Today, Colorado Center on Law and Policy (CCLP) and the National Health Law Program (NHeLP) filed a complaint with the U.S. Department of Health and Human Services Office for Civil Rights and the U.S. Department of Justice.
Bethany Pray provided testimony for Senate Bill 24-093, Continuity of Health-Care Coverage Change. CCLP is in support of SB24-093.
CCLP Policy Fellow, Milena Castañeda testified at the Medical Services Board meeting regarding emergency rules for the NEMT.
Chaer Robert provided testimony against House Bill 24-1065, Reduction of State Income Taxes. CCLP is in opposition of HB24-1065.
CCLP’s Public Comment on Mental Health Parity for Colorado Medicaid
Earlier this month, Bethany Pray, Interim Executive Director of Colorado Center on Law and Policy, provided the Colorado Department of Health Care Policy and Financing (HCPF) with a public comment regarding mental health parity for Colorado Medicaid. Individuals interested in providing comments could do so until March 15, 2023.
For Colorado, the annual parity report aims to assess limitations placed on access to behavioral health benefits and ensure they are no greater than the limitations placed on access to medical care. In this case, “limitations” can include the need to get authorization to start or continue care, how provider compensation is decided, or limits on someone’s ability to appeal a denial.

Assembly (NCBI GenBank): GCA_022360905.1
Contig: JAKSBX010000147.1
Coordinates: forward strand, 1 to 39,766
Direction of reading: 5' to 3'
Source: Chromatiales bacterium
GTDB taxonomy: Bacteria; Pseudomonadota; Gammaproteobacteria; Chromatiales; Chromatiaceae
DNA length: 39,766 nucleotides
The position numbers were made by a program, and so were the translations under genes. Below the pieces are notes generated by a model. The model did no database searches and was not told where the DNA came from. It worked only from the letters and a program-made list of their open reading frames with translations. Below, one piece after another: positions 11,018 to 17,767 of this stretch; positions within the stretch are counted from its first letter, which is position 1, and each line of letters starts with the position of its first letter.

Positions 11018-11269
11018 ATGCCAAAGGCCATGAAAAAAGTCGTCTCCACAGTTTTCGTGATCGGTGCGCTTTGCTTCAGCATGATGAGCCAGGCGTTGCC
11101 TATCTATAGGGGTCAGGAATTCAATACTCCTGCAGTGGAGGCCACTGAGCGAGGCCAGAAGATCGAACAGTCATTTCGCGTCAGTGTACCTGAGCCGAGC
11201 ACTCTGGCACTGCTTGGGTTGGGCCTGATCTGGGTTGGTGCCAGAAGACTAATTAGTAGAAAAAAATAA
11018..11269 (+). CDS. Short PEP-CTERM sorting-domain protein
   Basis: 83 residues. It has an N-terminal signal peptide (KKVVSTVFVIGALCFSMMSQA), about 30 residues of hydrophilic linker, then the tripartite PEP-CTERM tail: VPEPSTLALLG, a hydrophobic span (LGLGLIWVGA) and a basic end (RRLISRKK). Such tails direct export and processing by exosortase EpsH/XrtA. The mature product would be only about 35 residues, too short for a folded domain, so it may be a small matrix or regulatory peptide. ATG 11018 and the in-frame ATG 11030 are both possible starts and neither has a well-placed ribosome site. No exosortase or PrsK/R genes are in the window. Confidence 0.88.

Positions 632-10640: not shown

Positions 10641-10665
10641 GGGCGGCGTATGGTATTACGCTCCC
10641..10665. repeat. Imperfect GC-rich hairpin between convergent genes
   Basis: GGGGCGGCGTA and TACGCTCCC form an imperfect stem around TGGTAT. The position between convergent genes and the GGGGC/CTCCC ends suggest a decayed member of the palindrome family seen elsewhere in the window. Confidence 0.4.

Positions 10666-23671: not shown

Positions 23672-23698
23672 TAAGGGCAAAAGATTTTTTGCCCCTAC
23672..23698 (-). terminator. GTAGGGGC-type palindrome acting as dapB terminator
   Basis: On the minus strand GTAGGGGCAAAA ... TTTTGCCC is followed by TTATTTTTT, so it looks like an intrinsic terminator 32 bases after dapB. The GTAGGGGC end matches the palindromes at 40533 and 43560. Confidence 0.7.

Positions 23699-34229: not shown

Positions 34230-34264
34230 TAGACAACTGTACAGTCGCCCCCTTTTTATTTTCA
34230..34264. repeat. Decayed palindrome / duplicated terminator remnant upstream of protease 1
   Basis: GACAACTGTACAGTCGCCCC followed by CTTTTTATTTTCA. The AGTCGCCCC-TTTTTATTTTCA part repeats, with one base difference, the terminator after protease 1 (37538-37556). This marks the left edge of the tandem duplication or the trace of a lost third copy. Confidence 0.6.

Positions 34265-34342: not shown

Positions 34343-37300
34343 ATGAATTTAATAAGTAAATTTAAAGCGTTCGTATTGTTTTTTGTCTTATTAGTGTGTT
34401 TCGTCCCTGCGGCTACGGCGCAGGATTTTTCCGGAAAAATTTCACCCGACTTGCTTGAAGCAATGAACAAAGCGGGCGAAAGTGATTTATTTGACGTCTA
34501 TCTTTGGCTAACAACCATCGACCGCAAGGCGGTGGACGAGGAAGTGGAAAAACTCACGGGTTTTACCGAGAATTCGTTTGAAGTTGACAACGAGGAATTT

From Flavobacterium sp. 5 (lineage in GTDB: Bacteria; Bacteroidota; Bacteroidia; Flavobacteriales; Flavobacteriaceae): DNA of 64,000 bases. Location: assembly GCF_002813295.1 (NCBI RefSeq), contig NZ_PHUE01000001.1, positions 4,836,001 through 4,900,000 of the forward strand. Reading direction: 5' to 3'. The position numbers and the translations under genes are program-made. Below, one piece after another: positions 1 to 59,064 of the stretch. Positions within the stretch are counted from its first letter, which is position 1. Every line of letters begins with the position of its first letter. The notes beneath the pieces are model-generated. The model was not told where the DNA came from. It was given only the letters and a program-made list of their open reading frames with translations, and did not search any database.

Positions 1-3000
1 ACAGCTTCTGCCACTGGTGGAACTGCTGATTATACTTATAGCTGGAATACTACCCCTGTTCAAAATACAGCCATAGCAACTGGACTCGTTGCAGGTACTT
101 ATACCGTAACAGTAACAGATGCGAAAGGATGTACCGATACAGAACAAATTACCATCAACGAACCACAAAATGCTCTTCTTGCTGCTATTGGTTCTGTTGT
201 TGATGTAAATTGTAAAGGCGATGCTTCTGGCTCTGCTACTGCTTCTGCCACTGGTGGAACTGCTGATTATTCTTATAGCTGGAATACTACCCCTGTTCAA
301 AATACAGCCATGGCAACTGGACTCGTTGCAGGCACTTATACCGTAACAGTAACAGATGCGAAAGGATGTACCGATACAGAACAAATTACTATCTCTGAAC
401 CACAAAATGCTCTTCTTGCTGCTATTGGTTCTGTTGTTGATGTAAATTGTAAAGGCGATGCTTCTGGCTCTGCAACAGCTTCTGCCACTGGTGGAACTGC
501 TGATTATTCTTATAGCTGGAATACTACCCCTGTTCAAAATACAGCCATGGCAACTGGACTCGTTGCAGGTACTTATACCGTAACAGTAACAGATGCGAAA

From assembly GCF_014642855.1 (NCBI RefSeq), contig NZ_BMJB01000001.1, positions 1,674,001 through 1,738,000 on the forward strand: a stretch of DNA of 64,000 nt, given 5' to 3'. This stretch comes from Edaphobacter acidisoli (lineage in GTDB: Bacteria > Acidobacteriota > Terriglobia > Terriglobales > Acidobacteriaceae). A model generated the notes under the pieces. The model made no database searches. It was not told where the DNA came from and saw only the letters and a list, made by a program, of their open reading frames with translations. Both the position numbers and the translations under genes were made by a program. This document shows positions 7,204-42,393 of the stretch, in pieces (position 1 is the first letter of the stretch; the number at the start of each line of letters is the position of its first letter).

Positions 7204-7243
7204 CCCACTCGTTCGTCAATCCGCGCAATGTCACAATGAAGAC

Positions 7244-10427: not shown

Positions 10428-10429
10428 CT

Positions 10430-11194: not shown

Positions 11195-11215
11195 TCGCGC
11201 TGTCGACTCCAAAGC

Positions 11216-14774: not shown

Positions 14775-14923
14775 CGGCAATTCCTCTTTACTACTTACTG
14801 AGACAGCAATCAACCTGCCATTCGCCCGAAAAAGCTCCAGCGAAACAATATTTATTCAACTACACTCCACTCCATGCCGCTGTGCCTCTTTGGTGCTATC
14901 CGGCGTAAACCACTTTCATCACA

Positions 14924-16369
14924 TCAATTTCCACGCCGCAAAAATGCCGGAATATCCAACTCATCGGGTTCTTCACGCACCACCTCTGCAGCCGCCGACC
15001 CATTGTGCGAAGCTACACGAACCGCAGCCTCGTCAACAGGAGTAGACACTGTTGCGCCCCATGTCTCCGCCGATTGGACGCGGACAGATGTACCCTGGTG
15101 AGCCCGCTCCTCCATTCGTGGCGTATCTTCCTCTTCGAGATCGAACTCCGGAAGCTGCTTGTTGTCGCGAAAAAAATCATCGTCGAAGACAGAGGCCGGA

Colorado’s annual parity report is publicly posted, which is beneficial for advocates to determine the changes needed to make Colorado’s Medicaid program, Health First Colorado, more equitable. However, the parity report falls significantly short of what is required. Even when violations of federal and state parity laws are found, they may not get fixed, and many people fail to receive the necessary services provided. In fact, some massive systems violations were found which confirm it is harder to get and keep certain kinds of services when someone has a behavioral health issue rather than medical.
Some of the key findings CCLP found include:
- The analysis is inadequate and is missing key elements;
- Problems are minimized or ignored in the Parity Report; and
- Even when parity violations are acknowledged, the state fails to act promptly to bring the state into compliance or make members whole.